I have a few videos, some badly produced, really shaky,and some, done by friends, are not bad.  One of the issues is the most interesting places I have picked can also be some of the most dangerous places...

So, I have to have both hands free...thus I don't want to be holding and aiming a camera!

Anyway, I guess a spotlight, recognition, Mercedes van, sponsor ships, substantial additional income, etc, is just not in the cards for some of us, or, perhaps, it is just not quite "our time."

I am not sure where my future lies, but wherever it lies, I am sure "old junk" of some sort will feature prominently!

Picking A Relationship - The Facts.

I've neglected the blog these past few month, as "life" has been "happening".

"Bear" with me, I will explain (yes, I do that lots, I know...!)

Being a picker/dealer here in Manitoba is not an easy task...that is, IF you wish to make your living at it.

There are maybe a dozen people in the entire province who make here living on buying and selling antiques & collectibles.  Part of the reason is that out of the  population of 1.272 million people Manitoba holds, is that they are spread out over a substantial area, though most live in the bottom third portion of the province, and half of the entire province's population lives in the capital city of Winnipeg.

I reside 2.5 hour's drive from Winnipeg, currently.

I won't go through the soap opera that has been my life (saving that to fill up several chapters of my autobiography...), but the most recent "big" news is that I have become "single" once again.

This business is hard on relationships, pure and simple. Between differences in personalities, interests, and the fact a picker's life is lived part on the road, part submerged in junk (on the road and at home), among a host of other activities, we basically live and breath our business.

It is a passion, and sometimes it consumes us, or in the least temporarily submerges us once and awhile.

If your spouse/partner is of the same mindset, complimentary personality, you both communicate very well (even if it is with no one else than your partner!) , love history, see gold in all the old stuff, have respect for one another, and all that goes along with the "junk biz", then you might actually have a chance of being together for a long time.

But, people change, and sometimes those changes create rifts, goals shift, passion is diverted, etc.

I have seen many relationships split due to those sorts of changes. Marriages break up when one partner's interests change dramatically away from "old stuff."  Your partner's passion has changed from antiques to horses, and you have zero interest in equines?

Well, prep for a divorce in your future.

I am  not saying that if you partner does not live, breath and eat their dinner without attic dust sprinkled on it that your relationship is doomed.  Having a complementary personality, interests, etc can work, but communication, respect, understanding, and such things are key to keeping it working.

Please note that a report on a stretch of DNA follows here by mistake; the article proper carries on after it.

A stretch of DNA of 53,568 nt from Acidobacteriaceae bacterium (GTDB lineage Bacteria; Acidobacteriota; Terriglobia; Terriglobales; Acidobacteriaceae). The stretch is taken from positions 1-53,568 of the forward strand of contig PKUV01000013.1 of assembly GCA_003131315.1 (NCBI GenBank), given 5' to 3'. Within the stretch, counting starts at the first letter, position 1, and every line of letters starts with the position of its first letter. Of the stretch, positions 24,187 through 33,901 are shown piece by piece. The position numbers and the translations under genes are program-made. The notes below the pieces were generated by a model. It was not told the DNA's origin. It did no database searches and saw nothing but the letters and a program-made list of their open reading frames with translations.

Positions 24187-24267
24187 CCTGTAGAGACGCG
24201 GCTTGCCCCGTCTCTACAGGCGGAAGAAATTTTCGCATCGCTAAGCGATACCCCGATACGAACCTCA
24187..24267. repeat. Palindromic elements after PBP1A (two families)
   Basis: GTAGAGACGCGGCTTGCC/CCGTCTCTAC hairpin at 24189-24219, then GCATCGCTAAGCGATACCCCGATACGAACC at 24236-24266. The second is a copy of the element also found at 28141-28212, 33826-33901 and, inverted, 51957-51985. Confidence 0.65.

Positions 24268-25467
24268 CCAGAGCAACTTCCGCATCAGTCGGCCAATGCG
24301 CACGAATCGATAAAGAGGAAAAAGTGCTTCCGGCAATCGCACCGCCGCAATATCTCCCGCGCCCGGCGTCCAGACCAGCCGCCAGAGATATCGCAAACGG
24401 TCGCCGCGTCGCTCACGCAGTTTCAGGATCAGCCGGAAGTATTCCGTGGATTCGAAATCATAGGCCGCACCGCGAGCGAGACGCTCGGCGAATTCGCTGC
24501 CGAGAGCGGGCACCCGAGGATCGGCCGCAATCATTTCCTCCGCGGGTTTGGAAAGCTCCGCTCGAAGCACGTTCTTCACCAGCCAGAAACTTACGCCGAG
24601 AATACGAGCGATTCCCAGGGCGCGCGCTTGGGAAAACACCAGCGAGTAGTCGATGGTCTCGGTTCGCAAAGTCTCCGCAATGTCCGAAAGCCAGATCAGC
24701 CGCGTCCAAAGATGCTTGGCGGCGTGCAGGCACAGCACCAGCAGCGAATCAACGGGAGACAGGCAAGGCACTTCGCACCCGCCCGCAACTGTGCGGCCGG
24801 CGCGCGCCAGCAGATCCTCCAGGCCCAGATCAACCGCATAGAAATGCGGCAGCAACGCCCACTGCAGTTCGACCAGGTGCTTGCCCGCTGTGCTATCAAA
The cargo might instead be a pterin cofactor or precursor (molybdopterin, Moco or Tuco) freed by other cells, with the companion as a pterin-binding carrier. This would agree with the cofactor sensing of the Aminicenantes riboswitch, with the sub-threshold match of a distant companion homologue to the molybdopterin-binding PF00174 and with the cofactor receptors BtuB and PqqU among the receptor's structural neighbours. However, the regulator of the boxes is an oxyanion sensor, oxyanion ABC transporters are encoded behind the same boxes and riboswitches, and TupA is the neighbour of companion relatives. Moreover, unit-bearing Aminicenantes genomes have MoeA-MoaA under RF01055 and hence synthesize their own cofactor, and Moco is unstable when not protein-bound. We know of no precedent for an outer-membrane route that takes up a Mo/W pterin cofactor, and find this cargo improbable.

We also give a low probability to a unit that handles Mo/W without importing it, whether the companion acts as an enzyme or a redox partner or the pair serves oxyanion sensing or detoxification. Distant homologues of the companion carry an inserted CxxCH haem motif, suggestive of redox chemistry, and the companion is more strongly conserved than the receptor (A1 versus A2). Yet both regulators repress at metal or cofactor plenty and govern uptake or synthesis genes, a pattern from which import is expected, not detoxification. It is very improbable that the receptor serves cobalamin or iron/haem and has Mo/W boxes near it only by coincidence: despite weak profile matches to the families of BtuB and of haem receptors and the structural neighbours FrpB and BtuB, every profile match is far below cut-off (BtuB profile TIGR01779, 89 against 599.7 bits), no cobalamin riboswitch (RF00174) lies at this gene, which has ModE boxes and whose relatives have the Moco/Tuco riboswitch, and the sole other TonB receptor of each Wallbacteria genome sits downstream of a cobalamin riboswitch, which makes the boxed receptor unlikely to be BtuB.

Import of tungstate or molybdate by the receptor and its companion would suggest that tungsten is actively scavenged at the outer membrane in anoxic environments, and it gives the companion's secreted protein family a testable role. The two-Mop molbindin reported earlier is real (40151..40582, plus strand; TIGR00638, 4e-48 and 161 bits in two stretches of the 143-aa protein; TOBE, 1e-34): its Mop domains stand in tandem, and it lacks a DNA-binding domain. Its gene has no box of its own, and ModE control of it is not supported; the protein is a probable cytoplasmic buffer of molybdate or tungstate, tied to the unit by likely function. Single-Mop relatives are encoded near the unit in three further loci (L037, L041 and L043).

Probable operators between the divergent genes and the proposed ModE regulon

Maybe one spouse loves dealing with the public, selling, being a shopkeeper, while the other is the "digger" of the two who sources merchandise, does some restoration, etc.

 That sort of relationship can work well, too.

I won't go into any major details about my relationship, as my life is not being lived as a public figure; though I know that "public figures" tend to have private lives we never hear about, also, which is the way it should be...despite what we are lead to believe by the "car crash" type Reality TV shows. Also, my ex also deserves privacy.

We are not in a battle, nor at each other's throats, we just came to the realization that we are not meant to be together. We gave it a shot, about 8 years worth, and are intelligent enough to know when to call it quits. I am making it sound easy, but it was not a quick and easy decision.

It was the right decision for both of us, however.

Anyway, my chosen lifestyle was certainly part of the reason we have split,  but it is far from the whole "reason", as life is not so easily cut and dried. Let's consider the word "reason" just a container for what is in actuality a "package of reasons."

She likes old stuff, but not in the same ways I do, nor with the same type of passion I do. To her credit, despite her having pared down her belongings to very little, and pretty much having just become "minimalist" in her living style when we got together, she jumped back into the "junk biz", though only "knee deep", which I felt was adequate, and we started a life together.

These things are always a half and half; that is, as far as any "blame", responsibility or causation for things not working goes. In some cases the "blame" may lean more to one side than another, but it is almost always not 100% one partner's fault.

In our case, I view it as a 50/50 split. I try to take full responsibility for myself. I always learn from each relationship, and I learn more about myself all the time. I deal with what I can fix in myself. I then hope to find someone else who is at the same point in their lives as I am, post experience and repair.

OK, that is enough philosophy, "mushy", and heart tugging  stuff for one year, don't you think?

And now it is time to go....